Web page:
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AI is proving its worth in many cybersecurity use cases. For example, it can help detect malware, monitor traffic for anomalies and enable human analysts to prioritize security alerts -- all of which can reduce costs and human error.
"AI has been adopted by many different companies, industries and countries," said Meng Liu, analyst at Forrester Research. "Adopting AI-based models is quite relevant to your competitive advantage."
Now, AI has its sights set on improving the fraud detection and management landscape -- an area fraught with difficulty as the number of online and mobile transactions surges.
Organizations today need to implement processes that detect fraud quickly and accurately in real time. AI is the answer, Liu and co-authors Andras Cser and Danny Mu explained in their report, "Artificial Intelligence Is Transforming Fraud Management." In the report, the analysts map AI subsector technologies to their use cases for fraud management and offer relevant case studies.
The benefits can be aplenty, the analysts reported, but organizations deploying AI for fraud management must also be aware of the potential challenges.
AI use cases in fraud management
Several use cases for AI in fraud detection and management were discussed in the report. For example, AI can improve the accuracy of transaction monitoring. The analysts described how financial services provider FIS worked with Brighterion, an AI company owned by Mastercard, to improve its anti-money laundering capabilities. The provider now uses AI to vet risk when onboarding new vendors, for example.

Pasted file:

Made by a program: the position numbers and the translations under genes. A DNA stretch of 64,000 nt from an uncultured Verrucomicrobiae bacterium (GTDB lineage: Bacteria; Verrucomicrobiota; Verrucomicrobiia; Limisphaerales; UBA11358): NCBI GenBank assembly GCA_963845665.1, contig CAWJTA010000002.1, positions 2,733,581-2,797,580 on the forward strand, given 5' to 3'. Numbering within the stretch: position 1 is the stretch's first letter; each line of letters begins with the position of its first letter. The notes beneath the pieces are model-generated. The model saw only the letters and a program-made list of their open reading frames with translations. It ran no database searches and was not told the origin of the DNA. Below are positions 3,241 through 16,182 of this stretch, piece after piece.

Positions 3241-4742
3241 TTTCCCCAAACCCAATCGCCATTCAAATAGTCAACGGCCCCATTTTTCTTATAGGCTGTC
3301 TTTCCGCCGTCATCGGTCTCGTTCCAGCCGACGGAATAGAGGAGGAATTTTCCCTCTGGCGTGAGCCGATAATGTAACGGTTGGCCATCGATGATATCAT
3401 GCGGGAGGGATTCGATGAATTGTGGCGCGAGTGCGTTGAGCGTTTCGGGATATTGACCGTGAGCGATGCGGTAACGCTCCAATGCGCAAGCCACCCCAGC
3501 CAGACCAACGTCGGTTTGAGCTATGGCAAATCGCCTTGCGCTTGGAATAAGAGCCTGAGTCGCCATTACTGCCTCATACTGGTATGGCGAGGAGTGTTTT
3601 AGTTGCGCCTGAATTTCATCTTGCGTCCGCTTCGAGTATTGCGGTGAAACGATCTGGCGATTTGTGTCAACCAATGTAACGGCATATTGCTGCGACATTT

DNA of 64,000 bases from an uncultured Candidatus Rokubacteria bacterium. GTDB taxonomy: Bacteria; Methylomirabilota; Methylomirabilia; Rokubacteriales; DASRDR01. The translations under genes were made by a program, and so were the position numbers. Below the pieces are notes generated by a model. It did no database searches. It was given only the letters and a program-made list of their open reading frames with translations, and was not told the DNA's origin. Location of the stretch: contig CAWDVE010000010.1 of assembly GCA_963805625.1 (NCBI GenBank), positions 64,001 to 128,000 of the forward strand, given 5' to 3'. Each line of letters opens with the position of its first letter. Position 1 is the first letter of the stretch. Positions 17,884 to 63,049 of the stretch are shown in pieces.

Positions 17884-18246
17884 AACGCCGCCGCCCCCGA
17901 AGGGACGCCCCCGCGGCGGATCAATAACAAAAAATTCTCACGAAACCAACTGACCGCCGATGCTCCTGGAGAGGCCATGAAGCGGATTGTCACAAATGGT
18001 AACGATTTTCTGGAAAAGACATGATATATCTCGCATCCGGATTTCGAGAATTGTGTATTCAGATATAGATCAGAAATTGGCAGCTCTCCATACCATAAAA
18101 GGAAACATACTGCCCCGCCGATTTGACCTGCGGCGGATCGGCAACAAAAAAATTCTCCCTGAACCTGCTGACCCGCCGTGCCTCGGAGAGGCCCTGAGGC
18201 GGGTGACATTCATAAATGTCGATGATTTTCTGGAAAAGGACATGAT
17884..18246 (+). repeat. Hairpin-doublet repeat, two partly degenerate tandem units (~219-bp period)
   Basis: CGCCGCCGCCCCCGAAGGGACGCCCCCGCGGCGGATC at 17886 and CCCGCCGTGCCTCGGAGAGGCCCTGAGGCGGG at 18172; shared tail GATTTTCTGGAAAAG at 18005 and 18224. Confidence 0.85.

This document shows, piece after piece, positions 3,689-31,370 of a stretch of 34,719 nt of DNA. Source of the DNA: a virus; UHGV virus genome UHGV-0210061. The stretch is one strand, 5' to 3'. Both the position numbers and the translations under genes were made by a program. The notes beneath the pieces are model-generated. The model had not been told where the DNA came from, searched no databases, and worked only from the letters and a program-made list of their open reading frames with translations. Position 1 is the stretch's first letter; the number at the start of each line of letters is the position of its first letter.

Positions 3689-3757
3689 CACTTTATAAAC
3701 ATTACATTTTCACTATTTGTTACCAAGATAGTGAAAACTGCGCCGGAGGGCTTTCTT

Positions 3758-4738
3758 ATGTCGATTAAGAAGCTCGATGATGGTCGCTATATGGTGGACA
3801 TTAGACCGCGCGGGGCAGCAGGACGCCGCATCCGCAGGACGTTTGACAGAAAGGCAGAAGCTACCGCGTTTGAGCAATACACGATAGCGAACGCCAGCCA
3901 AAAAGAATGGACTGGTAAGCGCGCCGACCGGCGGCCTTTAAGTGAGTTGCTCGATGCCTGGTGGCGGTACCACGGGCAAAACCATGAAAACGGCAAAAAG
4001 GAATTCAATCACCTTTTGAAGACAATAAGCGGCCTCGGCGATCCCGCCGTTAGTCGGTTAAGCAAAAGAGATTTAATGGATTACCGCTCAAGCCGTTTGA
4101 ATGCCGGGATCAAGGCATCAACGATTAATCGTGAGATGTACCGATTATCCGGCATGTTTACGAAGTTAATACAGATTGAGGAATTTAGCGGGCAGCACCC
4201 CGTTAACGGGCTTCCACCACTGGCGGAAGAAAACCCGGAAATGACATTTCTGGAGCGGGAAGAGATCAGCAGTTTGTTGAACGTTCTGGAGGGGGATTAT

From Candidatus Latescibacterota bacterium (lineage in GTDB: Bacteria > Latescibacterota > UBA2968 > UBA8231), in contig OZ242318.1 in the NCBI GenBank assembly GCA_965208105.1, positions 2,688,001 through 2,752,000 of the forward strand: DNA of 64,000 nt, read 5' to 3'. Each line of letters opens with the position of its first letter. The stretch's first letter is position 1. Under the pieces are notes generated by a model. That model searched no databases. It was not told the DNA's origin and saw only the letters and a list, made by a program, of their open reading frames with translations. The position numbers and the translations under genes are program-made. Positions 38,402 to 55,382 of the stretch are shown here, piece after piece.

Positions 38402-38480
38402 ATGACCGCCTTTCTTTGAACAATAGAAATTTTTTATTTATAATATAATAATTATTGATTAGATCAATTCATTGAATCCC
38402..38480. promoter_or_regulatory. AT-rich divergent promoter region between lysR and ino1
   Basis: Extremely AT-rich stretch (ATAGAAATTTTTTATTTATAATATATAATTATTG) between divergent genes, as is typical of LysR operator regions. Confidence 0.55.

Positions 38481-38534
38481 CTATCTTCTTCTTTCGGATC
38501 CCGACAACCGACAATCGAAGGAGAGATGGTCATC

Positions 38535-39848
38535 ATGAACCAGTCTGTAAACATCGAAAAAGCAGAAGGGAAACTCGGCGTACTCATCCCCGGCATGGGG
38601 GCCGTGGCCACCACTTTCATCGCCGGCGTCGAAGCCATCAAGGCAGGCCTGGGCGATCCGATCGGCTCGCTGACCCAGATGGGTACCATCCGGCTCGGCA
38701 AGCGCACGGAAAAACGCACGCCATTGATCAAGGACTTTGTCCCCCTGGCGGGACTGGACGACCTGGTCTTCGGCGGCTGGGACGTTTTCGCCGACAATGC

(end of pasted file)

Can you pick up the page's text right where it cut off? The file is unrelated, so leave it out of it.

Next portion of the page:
In other use cases, AI can improve the efficiency of fraud investigations by streamlining and prioritizing alerts. AI can also be used in biometrics to authenticate users before a transaction can even occur, lowering the chances of malicious transactions.
Different AI fraud management use cases require different capabilities, the analysts noted -- an important consideration when implementing AI for fraud detection and management. For example, e-commerce transaction monitoring requires faster response times and more precision than transaction reporting. Other capabilities to keep in mind include training data availability and accuracy, as well as adopting processes to ensure AI models improve over time.
The benefits of AI for fraud management
Implementing AI for fraud management comes with two major benefits: Fraud is more quickly detected, and AI models get more accurate with time.
The number of mobile and online transactions has grown steadily over the past two decades and significantly since the start of the COVID-19 pandemic, Liu said. "These transactions are happening in real time, which means fraudulent activity also becomes real time."
Meng LiuAnalyst, Forrester
Historically, fraudulent purchases were discovered by human analysts after transactions were processed. AI can improve this by detecting and preventing fraudulent activity as it occurs and then blocking malicious users and transactions. For example, if a cybercriminal tries to use stolen credit card information to make an online purchase, AI will detect the fraudulent order and stop the transaction from processing. AI-enabled fraud detection also shrinks organizations' expenses by reducing the amount of money spent on reimbursing stolen funds.